"100 percent human"? No, we are not. In addition to countless microbial communities that help with digestion, for example, the human body harbors an abundance of viral mini-parasites. Although we usually don't notice them at all, the lodgers are by no means quiet.
Some just won't let go. Once herpesviruses or certain adenoviruses, parvoviruses, retroviruses or papillomaviruses have entered the human body, they can no longer be expelled. Either only their genetic material survives in the cells, or they hide in body tissues over a long period of time and get their hosts to produce virus building blocks or complete particles at the lowest level. Does that hurt or have people come to terms with their stowaways? You can't lump everyone together. But some silent companions are possibly more harmless than you think, while others are criminally underestimated.
Immortalized in the genome
Genetic researchers were surprised to discover a few years ago that the human genome is riddled with base sequences that are very similar to the genes of retroviruses. "Such sequences make up about eight percent of the human genome," says Jens Mayer, who researches endogenous retroviruses in the Human Genetics department at Saarland University in Homburg. Where do these viral genes come from in the human genome? They are probably the remnants of infections from a very long time ago. Back then, retroviruses had infected the germline cells and incorporated their genome – as so-called proviruses – into the DNA of our ancestors. A very smart move, because to this day we carry this information around with us.
Although the term "retrovirus" conjures up an uneasy connotation, research has yet to provide definitive evidence that human endogenous retroviruses, or HERV for short, cause disease. They are often genetically severely crippled, then consist only of defective control segments and can no longer produce virus products. Some of the still intact retroviral control segments even positively influence the activity of human genes. The digestive enzyme amylase, for example, is only produced in the salivary glands of the mouth because a HERV switching element that used to boost the production of viral proteins preceded the amylase gene a long time ago. "In contrast to other mammals, humans are therefore able to determine whether the food contains carbohydrates after chewing for a short time," explains Mayer. Amylase releases sugar from starch, the chyme tastes sweet.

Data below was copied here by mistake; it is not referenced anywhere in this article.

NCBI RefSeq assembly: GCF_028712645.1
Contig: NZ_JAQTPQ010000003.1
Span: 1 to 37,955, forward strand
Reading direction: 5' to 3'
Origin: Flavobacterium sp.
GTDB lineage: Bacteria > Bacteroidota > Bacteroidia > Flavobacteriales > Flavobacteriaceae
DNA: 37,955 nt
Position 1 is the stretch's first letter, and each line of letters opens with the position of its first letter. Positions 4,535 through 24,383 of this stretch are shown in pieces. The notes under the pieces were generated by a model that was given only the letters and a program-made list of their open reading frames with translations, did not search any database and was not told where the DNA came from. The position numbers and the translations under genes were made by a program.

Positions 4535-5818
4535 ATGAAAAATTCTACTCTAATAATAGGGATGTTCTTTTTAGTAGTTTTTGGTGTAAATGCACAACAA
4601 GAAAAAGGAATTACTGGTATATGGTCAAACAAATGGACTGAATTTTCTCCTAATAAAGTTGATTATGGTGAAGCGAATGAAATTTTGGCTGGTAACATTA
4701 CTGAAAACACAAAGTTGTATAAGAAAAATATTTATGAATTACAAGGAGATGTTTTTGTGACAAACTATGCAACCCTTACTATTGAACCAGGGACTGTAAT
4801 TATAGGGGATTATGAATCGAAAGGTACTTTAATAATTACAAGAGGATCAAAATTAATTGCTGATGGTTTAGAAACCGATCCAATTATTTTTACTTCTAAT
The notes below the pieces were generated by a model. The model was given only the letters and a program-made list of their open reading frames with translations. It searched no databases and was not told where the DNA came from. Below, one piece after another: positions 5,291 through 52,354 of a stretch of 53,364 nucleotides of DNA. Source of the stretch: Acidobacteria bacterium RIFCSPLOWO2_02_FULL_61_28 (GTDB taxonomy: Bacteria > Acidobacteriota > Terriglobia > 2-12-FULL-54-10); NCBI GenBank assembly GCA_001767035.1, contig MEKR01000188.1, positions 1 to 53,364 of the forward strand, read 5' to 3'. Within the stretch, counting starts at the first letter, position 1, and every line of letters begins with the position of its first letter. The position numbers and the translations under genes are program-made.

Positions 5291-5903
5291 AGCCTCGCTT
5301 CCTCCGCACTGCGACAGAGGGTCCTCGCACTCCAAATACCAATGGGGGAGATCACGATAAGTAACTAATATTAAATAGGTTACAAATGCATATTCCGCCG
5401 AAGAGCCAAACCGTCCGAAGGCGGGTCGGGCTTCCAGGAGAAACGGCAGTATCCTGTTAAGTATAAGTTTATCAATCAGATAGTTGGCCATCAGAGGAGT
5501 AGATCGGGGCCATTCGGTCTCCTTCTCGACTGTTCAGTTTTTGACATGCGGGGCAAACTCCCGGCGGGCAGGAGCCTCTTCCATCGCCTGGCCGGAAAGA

Overall, HERVs have a neutral or more positive impact on humans
(Jens Mayer) However, some HERV sequences are translated into messenger RNA or even proteins and appear in both he althy and diseased body tissues. A protein from a provirus of the HERV-W family, syncytin, is even involved in the structure of the human placenta. Nevertheless, the suspicion is repeatedly voiced that HERVs are involved in the development of tumors or autoimmune diseases. In breast cancer, melanoma and testicular tumors, for example, there is always an increased production of protein structures of the HERV-K virus family. "When a testicular tumor is diagnosed, high antibody levels against these HERV proteins can be detected in the patient," says Mayer. Whether this observation is merely an accompanying phenomenon of tumorigenesis or has something to do with it remains to be clarified. "All in all, the HERVs have a neutral or rather positive influence on people," says the Homburg scientist.
Lots of tricks
Mini parasites from the herpes virus family are also very affectionate. In contrast to HERVs, however, humans are not usually born with them, but are mostly infected during childhood. Herpes viruses accompany people throughout their lives, but only come to light in very special situations. One of these silent companions is the cytomegalovirus (CMV). Although forty to one hundred percent of people carry this virus, depending on their age and geographic location, most don't even notice it. The body's defenses succeed in keeping the intruder in check, but not in driving out the virus once and for all. Because the CMV has a lot of tricks with which it can hide from the immune system in the host cells.